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Tuesday, September 30, 2014 |  Madison, WI: 44.0° F  Overcast
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Inside the green rooms
From swank to dank, local dressing areas are musicians' havens
The Frequency's green room. (To see more, click gallery, above.)
Credit:David Michael Miller

There is no one accepted theory as to where the term "green room" got its start, but it's been in used for centuries. A space where actors, musicians or speakers can go before, during or after a performance to be away from the crowds, these secluded areas have gained a reputation for various shenanigans. They can serve as anything from silent temples of preparation to rowdy dens of ill-repute.

Most green rooms aren't actually green, of course, unless you count the less sanitary of the bunch, where mold might be a factor. In fact, there's little that these spaces have in common. For musicians, there's an eternal element of surprise and possible horror when coming to a new venue and its unfamiliar prep room. Will it have its own bathroom? Sinks? Chairs without suspicious stains? Will there be a green room at all, or will the band be forced to mingle with the masses out in the bar before and after the show?

The moments before a performance can be crucial for tuning instruments or just spending time screwing around with band mates, groupies and other hangers-on. Whatever it is that musicians require before hitting the stage and melting the audience's faces off with their innovative sound, a decent green room can be a lifesaver.

In Madison, these havens run the gamut from posh to paltry. Talk to any gigging musician and you're liable to hear all sorts of green-room horror stories, and even the occasional glowing review.

"I find them terrifically useful," says busy local rocker Sean Michael Dargan. "Not only for gathering one's mind and warming one's voice but -- for high-maintenance, über-dorky, suit-and-bow-tie-wearers like me -- for having a sacred space in which to change from average citizen on the street to bona-fide rock star about to launch."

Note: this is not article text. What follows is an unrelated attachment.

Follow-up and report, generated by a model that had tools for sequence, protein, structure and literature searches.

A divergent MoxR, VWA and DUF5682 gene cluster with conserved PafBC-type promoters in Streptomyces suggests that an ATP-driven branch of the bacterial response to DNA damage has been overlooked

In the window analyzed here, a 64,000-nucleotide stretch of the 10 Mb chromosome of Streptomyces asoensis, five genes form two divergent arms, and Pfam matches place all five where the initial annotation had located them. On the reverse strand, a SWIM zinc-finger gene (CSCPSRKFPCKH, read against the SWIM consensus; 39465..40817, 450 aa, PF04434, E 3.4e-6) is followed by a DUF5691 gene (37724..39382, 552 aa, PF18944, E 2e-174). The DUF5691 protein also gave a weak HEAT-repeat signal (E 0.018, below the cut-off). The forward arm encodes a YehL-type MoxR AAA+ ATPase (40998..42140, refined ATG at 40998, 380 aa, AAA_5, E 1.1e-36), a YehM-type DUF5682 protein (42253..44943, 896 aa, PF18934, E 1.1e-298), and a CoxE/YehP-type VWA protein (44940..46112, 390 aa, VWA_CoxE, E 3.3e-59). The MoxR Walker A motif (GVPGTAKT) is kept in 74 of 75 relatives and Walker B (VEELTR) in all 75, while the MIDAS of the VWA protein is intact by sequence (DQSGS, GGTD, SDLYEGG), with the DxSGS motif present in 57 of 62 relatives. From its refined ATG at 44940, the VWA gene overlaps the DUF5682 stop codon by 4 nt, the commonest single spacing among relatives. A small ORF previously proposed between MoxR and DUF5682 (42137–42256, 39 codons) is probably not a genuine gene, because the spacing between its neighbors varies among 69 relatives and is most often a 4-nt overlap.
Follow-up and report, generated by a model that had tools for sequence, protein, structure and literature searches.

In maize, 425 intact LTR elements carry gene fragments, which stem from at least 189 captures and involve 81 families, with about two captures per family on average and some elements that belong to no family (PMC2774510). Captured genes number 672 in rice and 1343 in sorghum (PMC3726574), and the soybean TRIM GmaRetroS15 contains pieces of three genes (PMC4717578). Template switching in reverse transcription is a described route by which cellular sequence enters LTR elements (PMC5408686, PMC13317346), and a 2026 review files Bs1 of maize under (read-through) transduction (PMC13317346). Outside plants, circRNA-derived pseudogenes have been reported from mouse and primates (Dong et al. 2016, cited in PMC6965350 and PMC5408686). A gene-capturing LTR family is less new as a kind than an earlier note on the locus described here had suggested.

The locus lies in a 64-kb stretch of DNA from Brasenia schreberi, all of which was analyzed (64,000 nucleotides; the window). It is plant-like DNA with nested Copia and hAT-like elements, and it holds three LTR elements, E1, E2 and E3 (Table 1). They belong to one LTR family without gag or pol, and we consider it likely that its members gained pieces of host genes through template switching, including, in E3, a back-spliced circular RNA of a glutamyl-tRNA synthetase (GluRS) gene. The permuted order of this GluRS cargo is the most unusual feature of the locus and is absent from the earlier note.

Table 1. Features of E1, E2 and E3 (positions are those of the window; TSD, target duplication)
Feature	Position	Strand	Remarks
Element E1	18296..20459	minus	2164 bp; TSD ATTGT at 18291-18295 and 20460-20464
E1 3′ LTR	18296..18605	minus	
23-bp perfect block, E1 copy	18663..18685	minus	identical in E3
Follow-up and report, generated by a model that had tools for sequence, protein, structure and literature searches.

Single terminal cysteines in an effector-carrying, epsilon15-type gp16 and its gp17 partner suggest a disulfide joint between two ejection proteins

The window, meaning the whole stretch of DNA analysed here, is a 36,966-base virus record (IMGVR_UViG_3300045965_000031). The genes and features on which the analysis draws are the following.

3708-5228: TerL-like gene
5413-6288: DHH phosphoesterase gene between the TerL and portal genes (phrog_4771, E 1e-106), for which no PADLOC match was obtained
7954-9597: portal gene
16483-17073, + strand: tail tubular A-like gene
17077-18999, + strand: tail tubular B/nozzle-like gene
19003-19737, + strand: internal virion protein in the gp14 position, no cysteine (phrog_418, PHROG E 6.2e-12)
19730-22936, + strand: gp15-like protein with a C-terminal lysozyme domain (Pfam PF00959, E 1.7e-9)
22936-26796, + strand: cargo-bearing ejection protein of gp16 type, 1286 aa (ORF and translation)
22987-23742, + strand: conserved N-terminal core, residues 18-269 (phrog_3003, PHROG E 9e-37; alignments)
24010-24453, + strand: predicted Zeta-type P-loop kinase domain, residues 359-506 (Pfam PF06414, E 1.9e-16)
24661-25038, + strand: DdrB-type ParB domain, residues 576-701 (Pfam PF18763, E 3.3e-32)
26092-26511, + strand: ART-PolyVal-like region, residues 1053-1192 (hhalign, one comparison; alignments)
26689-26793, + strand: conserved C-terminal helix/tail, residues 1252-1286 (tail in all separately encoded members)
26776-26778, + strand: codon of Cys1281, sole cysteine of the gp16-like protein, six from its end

In the basement of the Crystal Corner Bar on Williamson Street there is a remarkably swank space. It boasts, notes Dargan, "a very large, attached band bathroom and fully featured shower and magically refilling candy jar." Certain unwashed musicians have even been ejected for using the facility's showers on nights when they weren't actually playing the venue.

The Majestic Theatre lacks bathing accouterments, but its green room does have its own bathroom and mini-fridge and is one of the cleanest in town, alongside the fancy new rooms at the Overture Center. Dargan says the Majestic's dressing room is a favorite, along with the Barrymore's -- "though one can get lost, if one isn't careful, when trying to get back to the stage at either of those venues."

Then there are the wonderfully old-school facilities at Wisconsin Union Theater, which are "as they were when they were built in 1939," according to communications director Esty Dinur. They have seen too many important people to list, she says, but among them are John F. and Robert Kennedy, Eleanor Roosevelt, Martin Luther King, Martha Graham, Joan Baez, John Cage, Duke Ellington, Dizzy Gillespie, Uta Hagen and Vladimir Horowitz.

The Brink Lounge on East Washington Avenue also has a performer-pleasing green room that includes unsoiled couches, as well as TVs on which you can see what's happening on stage.

A green room doesn't have to be posh to keep musicians happy. At the Frequency, the basement lounge may look a little dank, but it's spacious and has its own bathroom. The High Noon Saloon's closet-size green room is pretty much just a room, but it gets the job done. "I'd love to be able to provide a bigger, cushier space for bands," says High Noon owner Cathy Dethmers, "but our dressing room is what it is mostly because that was all the space we could manage to allocate after designing the club."

Dethmers is a musician herself. "I've certainly seen worse in other clubs I've played."

Also notable are the vaudeville-era green rooms at the Orpheum Theatre, which have gained a certain notoriety among local performers who've worked there. "They have a certain dingy charm, as far as simple, concrete rooms go," says Dargan. The long-gone Anchor Inn used to put its performers in with the drink refrigerator.

Dargan recalls the truly awful green rooms at the late, lamented Cafe Montmartre. "Watch out for your head on that pipe!"

Here's a tip for you musicians. Whatever kind of green room you find yourselves in, remember those less fortunate, and always abide by the campground rule: Leave it in better shape than you found it.

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